We've received great reports that the GoChiroTV content is driving more patients to request additional services from their doctors. For DCs who've chosen to try GoChiroTV, the programming is already paying for itself.
Please take a look at some samples of the GoChiroTV content. We have two formats: Chiropractic & Patient Health or Chiropractic Intense: www.GoChiroTV.com/sample. If you like what you see, give us a call (888-748-3462) and we will set you up with a free 45-day trial without any cost or obligation.
If the program works for you, we'll give you a special rate just for trying it out. If it doesn't work for you, simply return the media player and cords.
Imagine the paradigm shift that can take place in your community if each of your patients received just five minutes of high-quality chiropractic information every time they came into your office. They would be much better equipped to communicate with you about health and wellness, not to mention better equipped to share chiropractic with their friends and family. Now that's a win-win for your patients and your practice.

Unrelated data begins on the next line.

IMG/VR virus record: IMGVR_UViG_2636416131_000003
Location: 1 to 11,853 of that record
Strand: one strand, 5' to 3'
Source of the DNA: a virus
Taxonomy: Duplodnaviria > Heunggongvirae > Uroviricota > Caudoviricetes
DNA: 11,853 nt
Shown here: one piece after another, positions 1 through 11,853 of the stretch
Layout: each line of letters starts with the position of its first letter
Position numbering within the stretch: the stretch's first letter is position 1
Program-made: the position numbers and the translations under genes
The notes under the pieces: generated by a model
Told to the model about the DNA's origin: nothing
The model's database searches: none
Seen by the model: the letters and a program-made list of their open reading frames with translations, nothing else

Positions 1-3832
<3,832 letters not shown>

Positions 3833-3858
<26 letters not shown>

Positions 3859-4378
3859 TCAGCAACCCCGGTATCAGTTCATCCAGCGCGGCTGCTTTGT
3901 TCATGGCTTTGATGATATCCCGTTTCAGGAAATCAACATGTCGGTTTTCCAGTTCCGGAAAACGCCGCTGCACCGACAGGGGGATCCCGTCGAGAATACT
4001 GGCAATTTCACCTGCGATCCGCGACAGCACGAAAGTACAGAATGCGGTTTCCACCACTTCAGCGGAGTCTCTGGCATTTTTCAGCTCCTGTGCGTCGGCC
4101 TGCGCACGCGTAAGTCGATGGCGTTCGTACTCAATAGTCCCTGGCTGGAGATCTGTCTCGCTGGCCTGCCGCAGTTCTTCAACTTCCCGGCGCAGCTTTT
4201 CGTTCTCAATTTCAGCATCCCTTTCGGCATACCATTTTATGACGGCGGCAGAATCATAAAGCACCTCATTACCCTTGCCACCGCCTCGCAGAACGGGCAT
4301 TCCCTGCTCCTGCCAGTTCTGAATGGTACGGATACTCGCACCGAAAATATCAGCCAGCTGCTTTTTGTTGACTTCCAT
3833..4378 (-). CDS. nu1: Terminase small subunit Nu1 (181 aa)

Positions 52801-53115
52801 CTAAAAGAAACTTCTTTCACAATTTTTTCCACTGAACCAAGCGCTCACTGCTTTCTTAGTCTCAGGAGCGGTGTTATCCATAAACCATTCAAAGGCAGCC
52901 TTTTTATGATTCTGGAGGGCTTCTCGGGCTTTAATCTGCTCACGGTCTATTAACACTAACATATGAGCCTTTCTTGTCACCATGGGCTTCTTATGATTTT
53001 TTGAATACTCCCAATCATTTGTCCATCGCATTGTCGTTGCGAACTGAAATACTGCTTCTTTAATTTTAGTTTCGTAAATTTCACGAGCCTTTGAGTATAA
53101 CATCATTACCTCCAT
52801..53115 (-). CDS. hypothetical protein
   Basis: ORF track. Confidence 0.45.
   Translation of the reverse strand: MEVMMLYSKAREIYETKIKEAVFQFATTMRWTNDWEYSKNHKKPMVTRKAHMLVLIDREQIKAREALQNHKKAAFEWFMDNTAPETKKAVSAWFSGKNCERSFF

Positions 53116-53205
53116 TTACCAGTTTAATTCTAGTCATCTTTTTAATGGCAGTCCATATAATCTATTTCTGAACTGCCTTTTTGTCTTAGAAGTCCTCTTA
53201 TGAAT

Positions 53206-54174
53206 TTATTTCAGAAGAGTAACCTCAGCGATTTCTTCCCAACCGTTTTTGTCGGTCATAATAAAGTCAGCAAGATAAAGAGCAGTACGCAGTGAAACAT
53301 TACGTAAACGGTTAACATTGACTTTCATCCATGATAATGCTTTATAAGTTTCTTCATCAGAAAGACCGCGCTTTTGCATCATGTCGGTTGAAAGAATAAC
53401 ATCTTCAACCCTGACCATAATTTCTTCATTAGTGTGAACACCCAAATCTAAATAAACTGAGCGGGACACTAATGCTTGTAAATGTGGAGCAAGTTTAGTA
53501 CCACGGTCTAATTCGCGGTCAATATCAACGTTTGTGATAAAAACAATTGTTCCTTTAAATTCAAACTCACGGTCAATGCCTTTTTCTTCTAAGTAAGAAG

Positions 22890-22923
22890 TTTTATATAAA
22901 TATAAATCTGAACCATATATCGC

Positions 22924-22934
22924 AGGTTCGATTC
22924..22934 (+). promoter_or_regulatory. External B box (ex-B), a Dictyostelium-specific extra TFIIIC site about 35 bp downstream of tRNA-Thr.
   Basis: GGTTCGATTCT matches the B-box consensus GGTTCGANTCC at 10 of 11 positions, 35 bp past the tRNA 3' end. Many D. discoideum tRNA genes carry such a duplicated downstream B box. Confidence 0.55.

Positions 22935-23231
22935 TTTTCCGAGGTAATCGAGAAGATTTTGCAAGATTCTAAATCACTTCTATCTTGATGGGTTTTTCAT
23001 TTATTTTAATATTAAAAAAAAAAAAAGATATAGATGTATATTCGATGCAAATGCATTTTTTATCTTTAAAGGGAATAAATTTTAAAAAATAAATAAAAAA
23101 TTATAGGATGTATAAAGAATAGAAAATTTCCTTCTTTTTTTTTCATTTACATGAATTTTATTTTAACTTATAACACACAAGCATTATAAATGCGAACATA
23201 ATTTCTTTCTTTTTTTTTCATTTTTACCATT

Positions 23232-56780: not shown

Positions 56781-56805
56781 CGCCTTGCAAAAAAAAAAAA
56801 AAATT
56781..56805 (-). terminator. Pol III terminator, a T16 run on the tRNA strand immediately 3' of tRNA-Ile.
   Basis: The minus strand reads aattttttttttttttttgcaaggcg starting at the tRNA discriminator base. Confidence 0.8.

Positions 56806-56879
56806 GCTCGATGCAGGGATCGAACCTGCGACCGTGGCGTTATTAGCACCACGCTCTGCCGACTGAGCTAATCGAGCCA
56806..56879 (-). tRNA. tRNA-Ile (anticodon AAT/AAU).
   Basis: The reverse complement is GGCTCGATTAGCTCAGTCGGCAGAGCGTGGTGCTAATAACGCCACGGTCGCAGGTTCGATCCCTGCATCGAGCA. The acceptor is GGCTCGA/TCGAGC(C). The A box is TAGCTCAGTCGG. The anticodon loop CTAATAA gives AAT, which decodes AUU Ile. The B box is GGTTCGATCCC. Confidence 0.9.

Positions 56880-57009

- Walsh P. "Life Time Fitness Tunes Out All-News TV Outlets From Its Big Screens." Star Tribune, Jan. 4, 2018.
- Picchi A. "Drug Ads: $5.2 Billion Annually - and Rising." MoneyWatch, March 11, 2016.
Read more findings on my blog: http://blog.toyourhealth.com/wrblog/. You can also visit me on Facebook.
Click here for more information about Donald M. Petersen Jr., BS, HCD(hc), FICC(h), Publisher.